India 360 made us travel to some really remote places. So remote that there were no tar roads, day-long electricity or phone connections. Travelling so remote can often lead to home sickness or apprehension. However, some wonderful-natured locals can go the extra mile, making you feel at home, however remote that place is from your own home. One such example was experienced by us at Tuting in Arunachal Pradesh.
Kedarnath is one of the four char dhams, or the four biggest abodes of Lord Shiva. Kedarnath is also the origin of river Mandakini and is the toughest of the four dhams to reach.
Trekking to Kedarnath involves an ascent from Gaurikund (6200 ft) to Kedarnath (11100 ft). It a part of the greater Himalayas. The path is full of snow and needs to be constantly cleared. The trek is challenging enough for the initiated. The uninitiated often give up soon after they start and use the services of a doli , porter or a horse to carry them to the top.
Duing summer, the entire trek is without any settlements except at the summit, 16 kms from the base. Most of Kedarnath village moves downhill before the onset of winter. When the trekking route is opened in the summer, the village doesn’t shift back overnight. the process is gradual. During the first week of the trek, only a few transits are created along the 16 km route. Some are army camps and some are convenience stores set up by the villagers, who are among the first to relocate. It is at one of these convenience stores that we heard this amusing conversation.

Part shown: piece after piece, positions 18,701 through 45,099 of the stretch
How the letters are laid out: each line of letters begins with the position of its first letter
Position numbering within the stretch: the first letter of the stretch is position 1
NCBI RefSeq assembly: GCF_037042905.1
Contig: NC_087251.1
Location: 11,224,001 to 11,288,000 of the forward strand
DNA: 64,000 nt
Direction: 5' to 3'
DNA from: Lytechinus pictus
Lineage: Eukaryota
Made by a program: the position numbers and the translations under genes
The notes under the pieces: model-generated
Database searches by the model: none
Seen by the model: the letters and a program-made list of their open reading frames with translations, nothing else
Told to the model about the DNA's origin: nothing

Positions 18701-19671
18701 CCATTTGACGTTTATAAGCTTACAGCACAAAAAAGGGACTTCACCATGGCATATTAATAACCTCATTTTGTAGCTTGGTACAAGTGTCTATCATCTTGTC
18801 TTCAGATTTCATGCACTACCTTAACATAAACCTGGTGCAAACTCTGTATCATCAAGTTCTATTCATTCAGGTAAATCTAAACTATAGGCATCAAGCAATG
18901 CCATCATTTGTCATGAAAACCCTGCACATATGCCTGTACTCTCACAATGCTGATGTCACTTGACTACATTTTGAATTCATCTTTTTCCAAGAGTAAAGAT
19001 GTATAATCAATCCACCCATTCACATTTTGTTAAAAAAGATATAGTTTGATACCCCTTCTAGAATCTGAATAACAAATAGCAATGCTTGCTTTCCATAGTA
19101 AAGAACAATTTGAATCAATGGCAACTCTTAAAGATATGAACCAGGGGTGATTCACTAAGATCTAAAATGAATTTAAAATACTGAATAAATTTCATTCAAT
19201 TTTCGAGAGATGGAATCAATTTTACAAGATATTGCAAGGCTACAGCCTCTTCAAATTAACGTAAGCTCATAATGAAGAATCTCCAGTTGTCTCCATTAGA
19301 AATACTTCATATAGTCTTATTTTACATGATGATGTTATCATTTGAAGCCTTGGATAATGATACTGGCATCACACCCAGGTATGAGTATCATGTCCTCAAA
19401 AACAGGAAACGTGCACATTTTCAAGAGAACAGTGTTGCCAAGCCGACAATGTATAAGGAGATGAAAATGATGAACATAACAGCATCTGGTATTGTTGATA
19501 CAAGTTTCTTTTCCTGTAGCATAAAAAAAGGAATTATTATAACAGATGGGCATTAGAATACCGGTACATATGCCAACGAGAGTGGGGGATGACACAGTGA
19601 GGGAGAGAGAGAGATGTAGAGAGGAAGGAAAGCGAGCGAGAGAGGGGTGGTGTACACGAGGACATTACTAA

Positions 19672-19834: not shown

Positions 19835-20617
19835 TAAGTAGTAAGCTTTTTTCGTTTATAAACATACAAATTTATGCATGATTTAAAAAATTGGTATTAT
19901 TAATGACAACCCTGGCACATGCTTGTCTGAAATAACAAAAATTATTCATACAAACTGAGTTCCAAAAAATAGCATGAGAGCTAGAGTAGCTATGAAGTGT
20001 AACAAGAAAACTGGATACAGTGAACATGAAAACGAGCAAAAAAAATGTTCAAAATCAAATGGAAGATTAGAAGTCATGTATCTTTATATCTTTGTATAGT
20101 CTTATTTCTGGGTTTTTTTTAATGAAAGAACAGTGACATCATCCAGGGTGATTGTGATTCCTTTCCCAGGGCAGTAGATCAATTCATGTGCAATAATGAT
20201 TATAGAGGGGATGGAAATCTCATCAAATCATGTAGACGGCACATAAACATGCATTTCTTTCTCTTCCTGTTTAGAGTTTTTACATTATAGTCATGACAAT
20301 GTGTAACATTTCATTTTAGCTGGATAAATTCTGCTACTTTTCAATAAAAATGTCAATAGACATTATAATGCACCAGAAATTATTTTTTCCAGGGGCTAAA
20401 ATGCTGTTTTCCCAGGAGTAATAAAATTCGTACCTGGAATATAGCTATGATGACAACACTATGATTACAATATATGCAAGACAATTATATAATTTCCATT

Guy 1: Oh my God1 That was tough, man!
Guy 2: This local says the trek hasn’t even started yet !!
Guy 1: What !! We have covered quite a bit. More than 5 of the 11 km in the trek and have been walking forever…At least 50% must be done, right? (sounding half dreaded and half hopeful)
Local: But sir, so far the walk has mostly been flat. The ascent will start shortly.
Guy 1 and 2 (in chorus) : Was that flat ??
Guy 1 (exasperated): Forget it. Let’s drink something..
Guy 2 ( Looks at the over crowded counter): They’ve got Lassi.
Guy 1: It’s freezing! Why would you drink Lassi now?
Guy 2 (pondering and agreeing): Hmm.. true. So what should I get?
Guy 1 (without hesitation): Let’s get a COOL DRINK.
We (giggling and whispering between ourselves) : Altitude certainly messes with the brain !!!
We visited Gumbaz, Tipu Sultan’s final resting place in Srirangapatana . The main chamber of Gumbaz contains the tomb of Tipu Sultan, his father Hyder Ali and mother Fakr-Un-Nisa. Around the main chamber are laid various graves of Tipu’s brother, sisters, brother-in-laws , Tipu’s wife, children and son-in laws as well. Every member of the Tipu family has at least a headstone inside the lawns of Gumbaz. Srirangapatana is just 16 km from the city of Mysuru. So on a busy day, tourist operators and taxis bring in hundreds of visitors to Gumbaz.
As we were walking towards Gumbaz’s main mausoleum, a father was walking out with his two young boys. The youngest boy about 5 years old looked very troubled. A conversation ensued as he hesitatingly asked questions of his father. We reproduce the conversation in its original form in Hindi along with English translations. Continue reading